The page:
But it's also time the value of our woods was recognised, not just for walking the dog, but as a breeding stock from which to grow and maintain a more robust domestic forest industry. That would benefit our forests, and our economy.
The warnings were made after the summit involving charities, businesses and woodlands organsations, and was chaired by the environment secretary, Owen Paterson.
However, despite a second Cobra meeting scheduled to discuss the crisis on Friday, the government has not yet given any indication of what it intends to do to treat or combat the illness.
The government has faced criticism for apparent inaction, with the disease first confirmed in February this year. The Horticultural Trades’ Association urged the Forestry Commission to ban imports of ash trees from Europe in 2009 after seeing that the illness was widespread in Norwegian nurseries.
Ash dieback, which is caused by the fungus Chalara fraxinea, causes leaf loss and crown dieback in affected trees and may lead to tree death.
However confusion over the exact cause of the illness, and problems with identifying it, has delayed any potential action.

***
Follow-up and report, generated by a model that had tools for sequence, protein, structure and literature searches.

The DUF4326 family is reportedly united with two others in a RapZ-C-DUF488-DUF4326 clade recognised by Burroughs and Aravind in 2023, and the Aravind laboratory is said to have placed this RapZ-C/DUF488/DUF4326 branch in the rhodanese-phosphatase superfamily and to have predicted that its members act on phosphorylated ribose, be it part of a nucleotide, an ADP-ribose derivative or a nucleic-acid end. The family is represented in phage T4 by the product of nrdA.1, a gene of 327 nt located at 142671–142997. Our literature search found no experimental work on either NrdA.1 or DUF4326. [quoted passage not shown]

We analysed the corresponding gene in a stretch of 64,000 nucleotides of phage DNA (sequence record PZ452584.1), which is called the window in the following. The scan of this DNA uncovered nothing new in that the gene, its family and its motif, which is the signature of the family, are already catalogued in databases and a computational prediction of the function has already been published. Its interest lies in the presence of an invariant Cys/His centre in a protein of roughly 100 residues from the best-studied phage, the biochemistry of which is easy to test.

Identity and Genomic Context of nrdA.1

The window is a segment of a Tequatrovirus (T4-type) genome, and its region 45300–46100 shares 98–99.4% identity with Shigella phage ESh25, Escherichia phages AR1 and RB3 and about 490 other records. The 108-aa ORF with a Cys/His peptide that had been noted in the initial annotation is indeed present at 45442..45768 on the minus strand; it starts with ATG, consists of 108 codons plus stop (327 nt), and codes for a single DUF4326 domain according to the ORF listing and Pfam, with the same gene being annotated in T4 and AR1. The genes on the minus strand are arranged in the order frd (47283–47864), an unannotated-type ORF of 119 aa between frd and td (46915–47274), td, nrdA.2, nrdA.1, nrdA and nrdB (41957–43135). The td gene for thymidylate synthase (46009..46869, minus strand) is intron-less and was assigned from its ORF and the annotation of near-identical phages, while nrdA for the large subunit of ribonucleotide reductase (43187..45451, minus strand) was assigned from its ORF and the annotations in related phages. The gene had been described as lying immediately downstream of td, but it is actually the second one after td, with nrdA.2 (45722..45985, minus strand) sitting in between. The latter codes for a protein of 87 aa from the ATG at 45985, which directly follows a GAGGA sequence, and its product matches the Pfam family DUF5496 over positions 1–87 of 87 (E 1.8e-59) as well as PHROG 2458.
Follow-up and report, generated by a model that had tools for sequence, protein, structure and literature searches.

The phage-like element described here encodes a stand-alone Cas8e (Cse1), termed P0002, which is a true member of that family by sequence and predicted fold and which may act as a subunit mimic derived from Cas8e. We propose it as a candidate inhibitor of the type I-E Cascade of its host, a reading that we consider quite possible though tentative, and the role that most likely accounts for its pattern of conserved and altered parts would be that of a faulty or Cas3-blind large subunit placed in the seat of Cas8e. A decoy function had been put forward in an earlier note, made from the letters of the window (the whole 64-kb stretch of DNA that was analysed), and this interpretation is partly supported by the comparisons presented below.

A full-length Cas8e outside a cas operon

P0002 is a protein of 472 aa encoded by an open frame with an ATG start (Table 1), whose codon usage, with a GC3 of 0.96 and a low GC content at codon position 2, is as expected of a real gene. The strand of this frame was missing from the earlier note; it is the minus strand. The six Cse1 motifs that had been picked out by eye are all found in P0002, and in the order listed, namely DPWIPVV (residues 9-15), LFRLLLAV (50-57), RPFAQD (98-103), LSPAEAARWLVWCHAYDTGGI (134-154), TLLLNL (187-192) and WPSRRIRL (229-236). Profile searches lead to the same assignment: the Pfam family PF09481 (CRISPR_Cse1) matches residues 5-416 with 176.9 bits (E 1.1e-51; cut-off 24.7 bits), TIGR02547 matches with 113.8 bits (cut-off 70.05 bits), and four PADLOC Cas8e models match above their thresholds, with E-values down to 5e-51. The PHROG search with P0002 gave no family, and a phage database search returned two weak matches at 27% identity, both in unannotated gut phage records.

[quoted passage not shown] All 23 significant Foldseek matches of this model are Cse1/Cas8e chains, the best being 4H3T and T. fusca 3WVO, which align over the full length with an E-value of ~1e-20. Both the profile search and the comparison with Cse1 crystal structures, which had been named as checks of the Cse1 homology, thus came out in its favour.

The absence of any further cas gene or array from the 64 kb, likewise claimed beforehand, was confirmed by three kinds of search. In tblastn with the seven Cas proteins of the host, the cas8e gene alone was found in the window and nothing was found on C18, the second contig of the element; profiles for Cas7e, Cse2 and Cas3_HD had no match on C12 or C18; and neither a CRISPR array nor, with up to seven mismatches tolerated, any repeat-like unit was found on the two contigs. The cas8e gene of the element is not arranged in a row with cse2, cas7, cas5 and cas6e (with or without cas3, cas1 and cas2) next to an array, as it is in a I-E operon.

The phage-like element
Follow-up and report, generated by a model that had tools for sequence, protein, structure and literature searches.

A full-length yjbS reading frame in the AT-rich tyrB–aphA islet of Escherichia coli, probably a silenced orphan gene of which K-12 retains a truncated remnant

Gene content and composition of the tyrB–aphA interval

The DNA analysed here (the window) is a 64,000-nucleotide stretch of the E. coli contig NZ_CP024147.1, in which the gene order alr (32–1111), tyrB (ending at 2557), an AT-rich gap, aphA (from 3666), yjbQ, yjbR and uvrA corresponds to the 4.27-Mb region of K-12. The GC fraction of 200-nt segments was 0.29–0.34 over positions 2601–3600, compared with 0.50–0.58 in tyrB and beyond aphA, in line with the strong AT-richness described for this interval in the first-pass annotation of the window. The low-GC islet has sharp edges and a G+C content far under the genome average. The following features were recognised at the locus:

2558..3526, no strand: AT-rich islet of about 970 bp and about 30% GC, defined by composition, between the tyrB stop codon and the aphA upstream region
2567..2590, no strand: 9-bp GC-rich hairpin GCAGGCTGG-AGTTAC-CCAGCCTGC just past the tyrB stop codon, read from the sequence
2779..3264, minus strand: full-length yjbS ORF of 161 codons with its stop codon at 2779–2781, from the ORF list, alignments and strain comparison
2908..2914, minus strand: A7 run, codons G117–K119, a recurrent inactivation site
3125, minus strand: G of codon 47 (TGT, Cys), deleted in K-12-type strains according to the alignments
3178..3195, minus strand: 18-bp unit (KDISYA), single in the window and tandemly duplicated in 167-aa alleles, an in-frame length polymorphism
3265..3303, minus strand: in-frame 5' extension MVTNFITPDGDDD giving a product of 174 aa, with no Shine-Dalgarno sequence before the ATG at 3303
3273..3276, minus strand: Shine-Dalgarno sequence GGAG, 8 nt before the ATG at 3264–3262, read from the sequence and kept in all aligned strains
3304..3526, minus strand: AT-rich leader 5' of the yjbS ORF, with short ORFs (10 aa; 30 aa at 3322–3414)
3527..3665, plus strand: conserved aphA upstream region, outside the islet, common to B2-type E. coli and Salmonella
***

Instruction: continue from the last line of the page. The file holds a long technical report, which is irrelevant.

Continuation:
Imports have already been banned, and some 100,000 trees culled.
Ash dieback death rate
•Trees under 10 years of age are likely to die from C. fraxinea in 2-10 years.
•Trees under 40 years old will die in 3-5 years if also infected with honey fungus, and likely more rapidly if the tree is already debilitated.
•For mature trees over 40 years, there is no direct evidence of tree deaths just from C. fraxinea to date. But comprehensive survey data from Europe on this is scant.
The illness has already devastated 90 per cent of Denmark’s trees, and it is feared that the effect of the illness in the UK could be as disastrous as Dutch elm disease, which wiped out 25m of Britain’s 30m elm trees after it arrived from north America in the 1920s.
Although there is no evidence that it can spread to other tree species, or that it is harmful to the health of people or animals, the illness could completely alter the look of British woodland landscapes if it continues.
Defra has pointed to scientific advice from Norway which suggests the disease progresses some 30km a year. They will continue to survey land for further traces of the illness.
Martin Ward, chief plant health office, said: “We have thrown all possible resources at this surveying exercise which has given us a much clearer picture of the distribution of the disease to inform our evidence base.
“The science on Chalara is still emerging and the more evidence we have, the greater our knowledge and understanding of this disease and the better we are able to tackle it.
“Together we’ve surveyed over 92 per cent of England and all of Scotland and Wales so far – a tremendous achievement, especially in such a short time, which shows our combined determination to deal with Chalara.”